BHHRG

About BHHRG

The British Helsinki Human Rights Group monitors human rights and democracy in the 57 OSCE member states from the United States to Central Asia.
* Monitoring the conduct of elections in OSCE member states.
* Examining issues relating to press freedom and freedom of speech
* Reporting on conditions in prisons and psychiatric institutions

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Background to the election in Czech: pre 1998 and after
HITS: 1994 | 14-04-2005, 04:13 | Commentaire(s): (0) |
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Many of the tensions that infect the Czech political landscape date back to 1997. The Civil Democratic Party (ODS) had won the parliamentary election in 1996, but with a reduced majority. The party formed a coalition government with the Christian Democrats (KDU-CSL) but the latter withdrew its support in November 1997 after the ODS became engulfed by financial scandals. Later that year, disaffected members of the ODS attempted to take over the party. But the plan failed when former dissident, Jan Ruml, failed to dislodge Václav Klaus as leader of the ODS in December that year. In January 1998, Ruml and others who had also left the ODS, founded a new party, the Freedom Union, Unie Svobody (US).

To overcome the impasse that resulted from the collapse of the coalition, an agreement was reached whereby the president would appoint an interim government on condition that parliamentary elections are held in June 1998. This government, led by a new prime minister, the head of the Czech National Bank, Josef Tošovský contained many of the ODS dissidents now in the US. The government of ‘experts’, as it was termed, was praised by international financial institutions; it was also very much to President Havel’s taste too - no doubt as its non-political character fitted his vision of anti-politics (hostility to political parties).

1998 Election and after

The June 1998 parliamentary election was won by the Social Democrats (ČSSD) with 32% of the vote - not enough for them to govern alone. The ODS came a surprisingly high second with 28%. Allegations of corruption had, therefore, failed to relegate the party to the political wilderness. After the June poll, ČSSD party leader Miloš Zeman conducted long negotiations with smaller parties to try to form a coalition government. It was assumed his partners would be from the small Freedom Union (US) making for a strange set of bedfellows as the ČSSD is a conventional centre-left party while the US’s profile is fiercely free market. But Zeman was unprepared to give in to the US’s demands for leading posts in the future government so, he halted negotiations with the party and turned to Václav Klaus and the ODS to forge an ‘opposition’ agreement under the terms of which Klaus became chairman of parliament and the ODS agreed, under certain conditions, not to collapse the minority ČSSD government.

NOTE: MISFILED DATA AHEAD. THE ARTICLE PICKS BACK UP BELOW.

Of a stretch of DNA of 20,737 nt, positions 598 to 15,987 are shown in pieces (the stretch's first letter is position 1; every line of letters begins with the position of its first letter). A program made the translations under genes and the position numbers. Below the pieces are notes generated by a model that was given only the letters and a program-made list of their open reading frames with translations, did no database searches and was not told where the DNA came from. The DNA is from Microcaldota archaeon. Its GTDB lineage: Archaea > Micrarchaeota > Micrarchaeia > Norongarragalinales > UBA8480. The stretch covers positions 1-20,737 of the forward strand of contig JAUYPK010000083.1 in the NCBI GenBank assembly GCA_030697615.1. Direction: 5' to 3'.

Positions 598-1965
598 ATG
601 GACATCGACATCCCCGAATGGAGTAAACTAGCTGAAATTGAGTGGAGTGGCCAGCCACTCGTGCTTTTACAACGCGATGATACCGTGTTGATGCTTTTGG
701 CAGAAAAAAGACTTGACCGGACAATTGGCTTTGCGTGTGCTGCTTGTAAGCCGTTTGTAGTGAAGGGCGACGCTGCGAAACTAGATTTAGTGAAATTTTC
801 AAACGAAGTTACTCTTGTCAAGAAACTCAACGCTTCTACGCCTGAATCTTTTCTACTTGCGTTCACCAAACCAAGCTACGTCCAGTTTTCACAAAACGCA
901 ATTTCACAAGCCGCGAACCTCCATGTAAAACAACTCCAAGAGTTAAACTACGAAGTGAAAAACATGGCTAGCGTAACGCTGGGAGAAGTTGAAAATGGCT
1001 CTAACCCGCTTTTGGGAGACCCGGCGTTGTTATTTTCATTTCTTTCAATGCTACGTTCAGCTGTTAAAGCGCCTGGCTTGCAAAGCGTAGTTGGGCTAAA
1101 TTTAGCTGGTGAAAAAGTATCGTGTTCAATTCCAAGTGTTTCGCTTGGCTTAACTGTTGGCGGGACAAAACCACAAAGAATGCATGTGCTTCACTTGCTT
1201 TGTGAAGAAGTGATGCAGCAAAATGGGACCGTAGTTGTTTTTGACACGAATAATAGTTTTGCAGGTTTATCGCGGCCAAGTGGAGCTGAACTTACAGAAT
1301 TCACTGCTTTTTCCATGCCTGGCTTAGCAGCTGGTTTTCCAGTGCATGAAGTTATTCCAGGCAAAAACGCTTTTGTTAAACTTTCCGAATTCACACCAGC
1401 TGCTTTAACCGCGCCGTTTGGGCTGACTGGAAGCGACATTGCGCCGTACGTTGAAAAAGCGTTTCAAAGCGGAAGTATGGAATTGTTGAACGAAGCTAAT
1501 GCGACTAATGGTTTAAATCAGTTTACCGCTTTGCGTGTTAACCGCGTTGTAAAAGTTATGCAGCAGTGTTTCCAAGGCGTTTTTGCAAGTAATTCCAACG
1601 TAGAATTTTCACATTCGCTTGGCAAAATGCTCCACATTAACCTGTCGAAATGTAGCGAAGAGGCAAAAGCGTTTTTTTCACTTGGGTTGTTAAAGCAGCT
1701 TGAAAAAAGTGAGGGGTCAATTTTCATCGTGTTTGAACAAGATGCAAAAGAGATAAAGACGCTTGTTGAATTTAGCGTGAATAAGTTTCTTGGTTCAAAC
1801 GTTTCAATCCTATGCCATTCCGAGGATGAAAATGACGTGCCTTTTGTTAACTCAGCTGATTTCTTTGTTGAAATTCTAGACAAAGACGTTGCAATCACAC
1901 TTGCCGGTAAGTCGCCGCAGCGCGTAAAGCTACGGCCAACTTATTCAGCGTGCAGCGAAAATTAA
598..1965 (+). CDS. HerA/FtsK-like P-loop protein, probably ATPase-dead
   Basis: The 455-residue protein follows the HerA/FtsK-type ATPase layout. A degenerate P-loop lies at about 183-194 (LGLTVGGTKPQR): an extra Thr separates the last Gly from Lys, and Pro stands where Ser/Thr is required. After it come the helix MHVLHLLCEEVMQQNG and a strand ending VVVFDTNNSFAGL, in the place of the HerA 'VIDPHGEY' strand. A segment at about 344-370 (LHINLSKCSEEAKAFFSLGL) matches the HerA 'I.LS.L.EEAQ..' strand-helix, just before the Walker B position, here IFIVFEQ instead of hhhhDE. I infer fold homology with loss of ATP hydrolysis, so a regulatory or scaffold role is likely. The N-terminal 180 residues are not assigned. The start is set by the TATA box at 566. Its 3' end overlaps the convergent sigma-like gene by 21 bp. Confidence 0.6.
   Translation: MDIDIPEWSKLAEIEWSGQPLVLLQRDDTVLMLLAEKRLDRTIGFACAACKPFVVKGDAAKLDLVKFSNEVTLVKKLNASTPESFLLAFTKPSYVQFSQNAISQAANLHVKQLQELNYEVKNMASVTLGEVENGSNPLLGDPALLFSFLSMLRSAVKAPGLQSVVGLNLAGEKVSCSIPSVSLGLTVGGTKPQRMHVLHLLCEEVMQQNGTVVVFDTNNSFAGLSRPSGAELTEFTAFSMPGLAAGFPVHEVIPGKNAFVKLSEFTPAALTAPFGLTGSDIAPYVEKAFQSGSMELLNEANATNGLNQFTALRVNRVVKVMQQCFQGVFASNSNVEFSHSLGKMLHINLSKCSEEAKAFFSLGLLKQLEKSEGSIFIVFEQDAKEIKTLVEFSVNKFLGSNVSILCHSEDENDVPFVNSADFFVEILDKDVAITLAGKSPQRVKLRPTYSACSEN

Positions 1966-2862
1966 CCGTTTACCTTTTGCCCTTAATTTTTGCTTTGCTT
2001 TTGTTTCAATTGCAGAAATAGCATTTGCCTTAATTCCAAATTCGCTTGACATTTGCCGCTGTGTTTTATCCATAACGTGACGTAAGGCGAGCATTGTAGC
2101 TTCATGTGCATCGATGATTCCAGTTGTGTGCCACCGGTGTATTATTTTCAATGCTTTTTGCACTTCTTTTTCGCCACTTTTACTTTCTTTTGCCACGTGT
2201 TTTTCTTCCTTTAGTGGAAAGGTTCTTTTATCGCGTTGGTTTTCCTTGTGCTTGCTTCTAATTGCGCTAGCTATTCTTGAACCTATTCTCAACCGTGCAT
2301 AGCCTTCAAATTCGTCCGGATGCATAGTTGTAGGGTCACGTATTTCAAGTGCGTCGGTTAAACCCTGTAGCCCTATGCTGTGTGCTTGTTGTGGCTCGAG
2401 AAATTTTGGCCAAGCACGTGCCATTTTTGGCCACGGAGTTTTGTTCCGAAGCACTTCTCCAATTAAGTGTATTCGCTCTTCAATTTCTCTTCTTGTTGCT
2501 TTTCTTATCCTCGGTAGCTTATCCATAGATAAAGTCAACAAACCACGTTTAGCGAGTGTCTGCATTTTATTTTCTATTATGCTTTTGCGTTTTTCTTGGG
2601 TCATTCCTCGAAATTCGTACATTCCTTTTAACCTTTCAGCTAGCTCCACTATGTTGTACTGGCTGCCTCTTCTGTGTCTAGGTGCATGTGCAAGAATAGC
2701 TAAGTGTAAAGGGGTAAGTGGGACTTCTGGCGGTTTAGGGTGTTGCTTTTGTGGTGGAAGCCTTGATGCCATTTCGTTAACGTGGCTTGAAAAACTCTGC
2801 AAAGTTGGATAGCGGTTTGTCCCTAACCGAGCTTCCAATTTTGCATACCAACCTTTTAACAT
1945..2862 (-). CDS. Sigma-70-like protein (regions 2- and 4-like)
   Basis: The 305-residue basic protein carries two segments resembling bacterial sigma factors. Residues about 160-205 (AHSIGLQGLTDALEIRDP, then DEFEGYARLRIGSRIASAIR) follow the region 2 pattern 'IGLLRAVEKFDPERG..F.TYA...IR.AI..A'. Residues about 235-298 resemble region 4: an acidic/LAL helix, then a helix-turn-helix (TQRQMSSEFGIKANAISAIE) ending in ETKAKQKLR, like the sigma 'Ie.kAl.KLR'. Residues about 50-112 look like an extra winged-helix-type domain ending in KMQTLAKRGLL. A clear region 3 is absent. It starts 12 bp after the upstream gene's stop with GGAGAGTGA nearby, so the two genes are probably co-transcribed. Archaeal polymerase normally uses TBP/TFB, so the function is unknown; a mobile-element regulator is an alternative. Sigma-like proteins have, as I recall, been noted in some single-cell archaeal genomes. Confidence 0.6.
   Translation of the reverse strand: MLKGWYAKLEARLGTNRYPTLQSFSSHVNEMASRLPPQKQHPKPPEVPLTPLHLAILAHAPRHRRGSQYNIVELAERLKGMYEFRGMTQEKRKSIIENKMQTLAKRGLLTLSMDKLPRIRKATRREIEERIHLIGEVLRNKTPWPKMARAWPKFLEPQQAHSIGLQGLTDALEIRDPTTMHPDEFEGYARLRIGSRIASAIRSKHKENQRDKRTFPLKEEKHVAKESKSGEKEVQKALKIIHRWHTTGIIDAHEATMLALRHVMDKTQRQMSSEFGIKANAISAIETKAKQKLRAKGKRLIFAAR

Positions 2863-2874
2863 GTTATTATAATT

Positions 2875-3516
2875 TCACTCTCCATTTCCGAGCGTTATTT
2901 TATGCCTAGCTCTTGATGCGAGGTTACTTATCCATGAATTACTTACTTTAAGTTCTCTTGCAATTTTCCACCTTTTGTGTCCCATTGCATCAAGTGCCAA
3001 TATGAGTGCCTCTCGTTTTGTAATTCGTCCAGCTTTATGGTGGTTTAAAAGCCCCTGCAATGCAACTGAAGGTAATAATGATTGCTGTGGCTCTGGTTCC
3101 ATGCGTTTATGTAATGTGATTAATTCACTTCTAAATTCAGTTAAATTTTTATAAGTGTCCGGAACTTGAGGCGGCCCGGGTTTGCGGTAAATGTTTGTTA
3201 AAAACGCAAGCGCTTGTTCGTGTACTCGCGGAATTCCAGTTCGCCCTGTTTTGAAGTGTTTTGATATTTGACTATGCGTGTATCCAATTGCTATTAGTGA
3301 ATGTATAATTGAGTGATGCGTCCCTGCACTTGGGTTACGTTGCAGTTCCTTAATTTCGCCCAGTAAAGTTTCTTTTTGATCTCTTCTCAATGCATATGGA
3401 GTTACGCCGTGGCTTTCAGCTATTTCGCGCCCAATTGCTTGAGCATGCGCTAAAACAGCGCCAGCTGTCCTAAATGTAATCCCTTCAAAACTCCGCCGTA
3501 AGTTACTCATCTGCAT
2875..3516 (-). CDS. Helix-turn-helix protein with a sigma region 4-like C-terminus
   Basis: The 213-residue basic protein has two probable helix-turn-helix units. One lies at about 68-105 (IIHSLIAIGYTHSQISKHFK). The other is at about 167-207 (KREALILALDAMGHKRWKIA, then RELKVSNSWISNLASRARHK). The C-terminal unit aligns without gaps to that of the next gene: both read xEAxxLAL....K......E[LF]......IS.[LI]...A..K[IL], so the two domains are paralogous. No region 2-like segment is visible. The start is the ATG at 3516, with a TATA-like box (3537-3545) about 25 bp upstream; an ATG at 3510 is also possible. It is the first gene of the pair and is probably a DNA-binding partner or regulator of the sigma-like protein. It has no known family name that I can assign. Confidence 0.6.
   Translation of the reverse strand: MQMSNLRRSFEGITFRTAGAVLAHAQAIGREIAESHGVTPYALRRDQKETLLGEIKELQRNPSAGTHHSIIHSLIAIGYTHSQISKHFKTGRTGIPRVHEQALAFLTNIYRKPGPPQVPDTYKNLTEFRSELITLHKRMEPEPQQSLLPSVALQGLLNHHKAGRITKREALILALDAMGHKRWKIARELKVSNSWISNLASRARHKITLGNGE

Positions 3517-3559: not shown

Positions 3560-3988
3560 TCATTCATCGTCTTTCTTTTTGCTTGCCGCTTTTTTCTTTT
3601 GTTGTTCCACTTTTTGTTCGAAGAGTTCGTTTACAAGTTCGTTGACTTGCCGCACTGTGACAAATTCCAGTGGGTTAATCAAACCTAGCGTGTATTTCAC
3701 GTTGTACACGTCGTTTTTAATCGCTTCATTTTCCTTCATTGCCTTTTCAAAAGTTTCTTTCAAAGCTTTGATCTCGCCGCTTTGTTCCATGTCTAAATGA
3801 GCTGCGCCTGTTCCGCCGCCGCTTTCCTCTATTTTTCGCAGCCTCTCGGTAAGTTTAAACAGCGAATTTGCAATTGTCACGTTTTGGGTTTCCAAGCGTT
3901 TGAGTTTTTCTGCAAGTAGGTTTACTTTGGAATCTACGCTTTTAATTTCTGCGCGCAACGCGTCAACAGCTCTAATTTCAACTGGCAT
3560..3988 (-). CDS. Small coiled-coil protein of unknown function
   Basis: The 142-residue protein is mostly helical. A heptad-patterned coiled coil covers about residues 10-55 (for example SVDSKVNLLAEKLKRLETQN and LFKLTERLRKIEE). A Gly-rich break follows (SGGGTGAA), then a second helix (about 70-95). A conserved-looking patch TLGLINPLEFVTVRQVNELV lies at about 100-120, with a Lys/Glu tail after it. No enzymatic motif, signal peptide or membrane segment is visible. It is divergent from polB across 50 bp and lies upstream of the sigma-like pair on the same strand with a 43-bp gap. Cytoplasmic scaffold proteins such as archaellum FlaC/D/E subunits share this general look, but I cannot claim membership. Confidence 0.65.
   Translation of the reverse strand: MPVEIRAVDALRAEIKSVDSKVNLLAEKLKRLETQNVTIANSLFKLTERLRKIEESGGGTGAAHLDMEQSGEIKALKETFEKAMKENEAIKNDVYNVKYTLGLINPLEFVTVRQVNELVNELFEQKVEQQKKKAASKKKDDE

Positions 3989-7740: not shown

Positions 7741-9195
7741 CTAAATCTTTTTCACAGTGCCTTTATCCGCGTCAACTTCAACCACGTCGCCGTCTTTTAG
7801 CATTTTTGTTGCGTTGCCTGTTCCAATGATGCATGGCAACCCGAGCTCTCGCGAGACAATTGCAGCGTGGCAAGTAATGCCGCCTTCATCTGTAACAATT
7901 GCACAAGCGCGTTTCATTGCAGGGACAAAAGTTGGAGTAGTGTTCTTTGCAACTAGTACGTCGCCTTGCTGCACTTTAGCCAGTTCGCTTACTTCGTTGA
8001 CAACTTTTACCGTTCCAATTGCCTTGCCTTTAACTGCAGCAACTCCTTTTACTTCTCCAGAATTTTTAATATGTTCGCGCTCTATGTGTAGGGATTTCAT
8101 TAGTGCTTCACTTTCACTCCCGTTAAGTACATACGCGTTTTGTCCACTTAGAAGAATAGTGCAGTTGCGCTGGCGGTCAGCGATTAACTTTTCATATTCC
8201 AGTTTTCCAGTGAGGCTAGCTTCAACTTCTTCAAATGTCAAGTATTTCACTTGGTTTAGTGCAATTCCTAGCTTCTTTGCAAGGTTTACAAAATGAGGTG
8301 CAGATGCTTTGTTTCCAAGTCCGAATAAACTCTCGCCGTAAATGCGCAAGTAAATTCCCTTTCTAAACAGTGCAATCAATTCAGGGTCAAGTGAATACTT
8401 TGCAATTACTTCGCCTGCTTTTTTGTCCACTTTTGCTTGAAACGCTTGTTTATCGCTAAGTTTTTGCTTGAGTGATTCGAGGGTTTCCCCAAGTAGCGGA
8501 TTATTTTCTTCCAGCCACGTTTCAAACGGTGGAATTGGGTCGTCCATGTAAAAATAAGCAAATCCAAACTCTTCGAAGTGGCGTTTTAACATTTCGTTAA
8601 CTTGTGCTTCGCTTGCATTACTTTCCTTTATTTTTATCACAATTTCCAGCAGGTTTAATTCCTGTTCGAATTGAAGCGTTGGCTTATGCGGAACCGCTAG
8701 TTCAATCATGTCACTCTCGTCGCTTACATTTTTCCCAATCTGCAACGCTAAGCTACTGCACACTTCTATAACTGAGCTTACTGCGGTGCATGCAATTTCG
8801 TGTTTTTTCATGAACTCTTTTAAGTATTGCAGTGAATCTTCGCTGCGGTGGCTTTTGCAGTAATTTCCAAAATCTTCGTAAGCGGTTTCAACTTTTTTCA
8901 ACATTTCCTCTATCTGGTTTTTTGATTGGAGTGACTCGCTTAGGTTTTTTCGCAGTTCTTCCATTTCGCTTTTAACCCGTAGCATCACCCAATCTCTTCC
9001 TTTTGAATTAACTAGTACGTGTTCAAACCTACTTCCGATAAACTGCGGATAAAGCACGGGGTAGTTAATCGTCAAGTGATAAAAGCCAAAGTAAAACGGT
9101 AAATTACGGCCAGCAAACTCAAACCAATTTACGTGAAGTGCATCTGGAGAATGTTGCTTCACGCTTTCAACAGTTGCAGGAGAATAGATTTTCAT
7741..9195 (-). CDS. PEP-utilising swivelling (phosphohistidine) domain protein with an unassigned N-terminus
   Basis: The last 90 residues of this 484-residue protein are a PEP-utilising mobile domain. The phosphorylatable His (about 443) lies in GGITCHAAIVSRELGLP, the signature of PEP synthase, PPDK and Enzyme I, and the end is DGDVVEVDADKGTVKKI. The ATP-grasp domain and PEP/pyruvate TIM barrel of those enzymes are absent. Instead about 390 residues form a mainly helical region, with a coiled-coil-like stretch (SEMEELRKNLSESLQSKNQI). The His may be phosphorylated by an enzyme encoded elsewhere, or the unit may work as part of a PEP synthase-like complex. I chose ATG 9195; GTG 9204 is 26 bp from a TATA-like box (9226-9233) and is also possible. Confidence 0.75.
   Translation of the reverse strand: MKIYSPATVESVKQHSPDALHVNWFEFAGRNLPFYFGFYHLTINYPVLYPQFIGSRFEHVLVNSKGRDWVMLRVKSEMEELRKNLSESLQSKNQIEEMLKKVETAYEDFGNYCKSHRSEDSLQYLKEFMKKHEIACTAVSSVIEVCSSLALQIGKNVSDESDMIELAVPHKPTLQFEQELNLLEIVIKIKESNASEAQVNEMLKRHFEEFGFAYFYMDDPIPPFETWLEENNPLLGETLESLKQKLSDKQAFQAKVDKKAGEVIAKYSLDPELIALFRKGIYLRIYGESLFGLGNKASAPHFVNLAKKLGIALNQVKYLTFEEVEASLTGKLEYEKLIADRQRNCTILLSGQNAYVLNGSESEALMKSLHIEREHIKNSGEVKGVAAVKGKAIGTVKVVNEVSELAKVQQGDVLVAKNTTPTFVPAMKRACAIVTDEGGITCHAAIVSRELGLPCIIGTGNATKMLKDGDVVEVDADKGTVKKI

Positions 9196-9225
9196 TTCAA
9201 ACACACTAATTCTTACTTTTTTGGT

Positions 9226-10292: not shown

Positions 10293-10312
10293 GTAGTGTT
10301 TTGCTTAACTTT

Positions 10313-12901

While the agreement ended the political stalemate it was to come under constant attack during the following four years both from the sidelined elite in the Freedom Union (and its backers in the media) and from President Havel and his group of advisors, commonly referred to as the ‘Castle Group’ (Prague Castle is the seat of the Czech president). In an effort to widen its political base the US joined the KDU and two other smaller parties (the ODA and DEU) to form the Quad coalition in February 2000. At one stage opinion polls stated that the Quad was the most popular party-formation in the Czech Republic.